A compilation of information about Solresol, the universal musical language

Adapted Chinese Solresol

Proposals and discussions about additional forms of Solresol
do 斗 [dou]
re 日 [r(i)]
mi 米 [mi]
fa 乏 [fa]
sol 叟 [sou]
la 拉 [la]
si 西 [shi] / ti 提 (ti)

I tried to find the most simple character for each syllable, which doesn't mean to much sometimes. ;)
The last column is a hint of how the characters are pronounced. (that "r(i)" is hard to describe properly, there's no real vowel in there. Go here to hear that thing.


A second "Chinese" Solresol could be done by using Zhuyin/Bopomofo - an early transcription system, which was abolished in Mainland China, but is still used in Taiwan.

do ㄉ (d / de)
re ㄖ (r / r(i) )
mi ㄇ (m / mo)
fa ㄈ (f / fo)
sol ㄙ (s / s(i))
la ㄌ (l / le)
si ㄒ (sh / shi) / ti ㄊ (t / te)

I wonder if anyone can even see these symbols...?
Last column tells you, which sound is represented by the symbol, and how the symbol is pronounced normally, when it's used on it's own.

Edit: Added symbols for 'ti'.
It's really cool to me how everyone can apply their own linguistic experience to Solresol. I can see the symbols, and they look good! It'd definitely be interesting to memorize some of these exotic ways of writing Solresol :D

I'm curious if you could find a symbol for 'ti' as well, to use instead of 'si'? Since there might be some ambiguity between the 's' syllables.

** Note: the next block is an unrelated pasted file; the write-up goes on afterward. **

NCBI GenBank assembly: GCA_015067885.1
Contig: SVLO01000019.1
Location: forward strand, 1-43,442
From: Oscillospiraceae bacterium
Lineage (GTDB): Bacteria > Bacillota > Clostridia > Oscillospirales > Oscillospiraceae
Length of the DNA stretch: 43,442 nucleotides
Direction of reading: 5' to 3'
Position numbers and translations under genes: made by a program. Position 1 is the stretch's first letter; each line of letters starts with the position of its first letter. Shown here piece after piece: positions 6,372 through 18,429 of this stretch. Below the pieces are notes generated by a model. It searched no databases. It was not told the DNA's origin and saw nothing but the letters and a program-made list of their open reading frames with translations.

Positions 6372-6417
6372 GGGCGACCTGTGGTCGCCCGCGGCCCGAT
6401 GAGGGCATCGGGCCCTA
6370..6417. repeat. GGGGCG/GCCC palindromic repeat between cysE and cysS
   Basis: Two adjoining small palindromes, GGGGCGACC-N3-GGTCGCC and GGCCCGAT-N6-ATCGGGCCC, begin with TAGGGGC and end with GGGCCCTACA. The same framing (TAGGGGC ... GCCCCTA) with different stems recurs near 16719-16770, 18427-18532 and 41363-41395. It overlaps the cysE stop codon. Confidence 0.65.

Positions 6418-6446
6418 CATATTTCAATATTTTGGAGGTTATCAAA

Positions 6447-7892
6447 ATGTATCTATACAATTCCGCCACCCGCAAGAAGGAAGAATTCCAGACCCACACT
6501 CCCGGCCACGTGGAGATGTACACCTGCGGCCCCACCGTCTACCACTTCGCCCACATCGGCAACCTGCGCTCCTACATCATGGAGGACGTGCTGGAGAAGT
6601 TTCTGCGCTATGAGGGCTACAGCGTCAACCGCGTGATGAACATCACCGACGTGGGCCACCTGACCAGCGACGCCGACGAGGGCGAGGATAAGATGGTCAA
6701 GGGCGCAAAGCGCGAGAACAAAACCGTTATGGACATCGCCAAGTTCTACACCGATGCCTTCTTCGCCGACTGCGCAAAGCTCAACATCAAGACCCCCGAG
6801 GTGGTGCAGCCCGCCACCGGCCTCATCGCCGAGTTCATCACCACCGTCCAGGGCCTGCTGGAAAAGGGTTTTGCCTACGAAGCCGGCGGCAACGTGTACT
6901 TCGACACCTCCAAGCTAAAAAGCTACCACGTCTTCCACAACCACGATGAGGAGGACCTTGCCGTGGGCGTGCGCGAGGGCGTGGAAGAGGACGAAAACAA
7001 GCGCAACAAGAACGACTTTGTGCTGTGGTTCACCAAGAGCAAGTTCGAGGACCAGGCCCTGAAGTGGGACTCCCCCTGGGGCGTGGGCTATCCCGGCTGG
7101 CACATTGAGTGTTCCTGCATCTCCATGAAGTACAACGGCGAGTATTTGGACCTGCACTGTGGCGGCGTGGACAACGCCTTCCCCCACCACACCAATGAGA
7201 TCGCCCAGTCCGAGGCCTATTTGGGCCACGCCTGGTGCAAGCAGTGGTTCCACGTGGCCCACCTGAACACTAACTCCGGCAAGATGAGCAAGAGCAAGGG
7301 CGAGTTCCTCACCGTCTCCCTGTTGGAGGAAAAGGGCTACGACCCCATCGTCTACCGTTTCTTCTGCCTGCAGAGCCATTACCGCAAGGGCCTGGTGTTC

Garrison wrote:It's really cool to me how everyone can apply their own linguistic experience to Solresol. I can see the symbols, and they look good! It'd definitely be interesting to memorize some of these exotic ways of writing Solresol :D
That's just what I was thinking about too. If everyone applies their own experiences to Solresol, we would only need to remember 7 symbols for each form, versus an entire language. This is especially applicable in the Eastern languages that use glyphs instead of Latin-style characters.
@Garrison
There are of course also characters for "ti". :)

As for characters you could use 提 or 体 (simplified character used in PR China, but not in Hongkong or Taiwan).

And the Bopomofo-symbol would be: ㄊ = t (usually pronounced as "te" or maybe "tuh"... the vowel is some sort of prolonged schwa-sound - or in French, the vowel of the article "le")

And I'm glad you like the script. I fell in love with bopomofo, when I heard of it during my study time. :)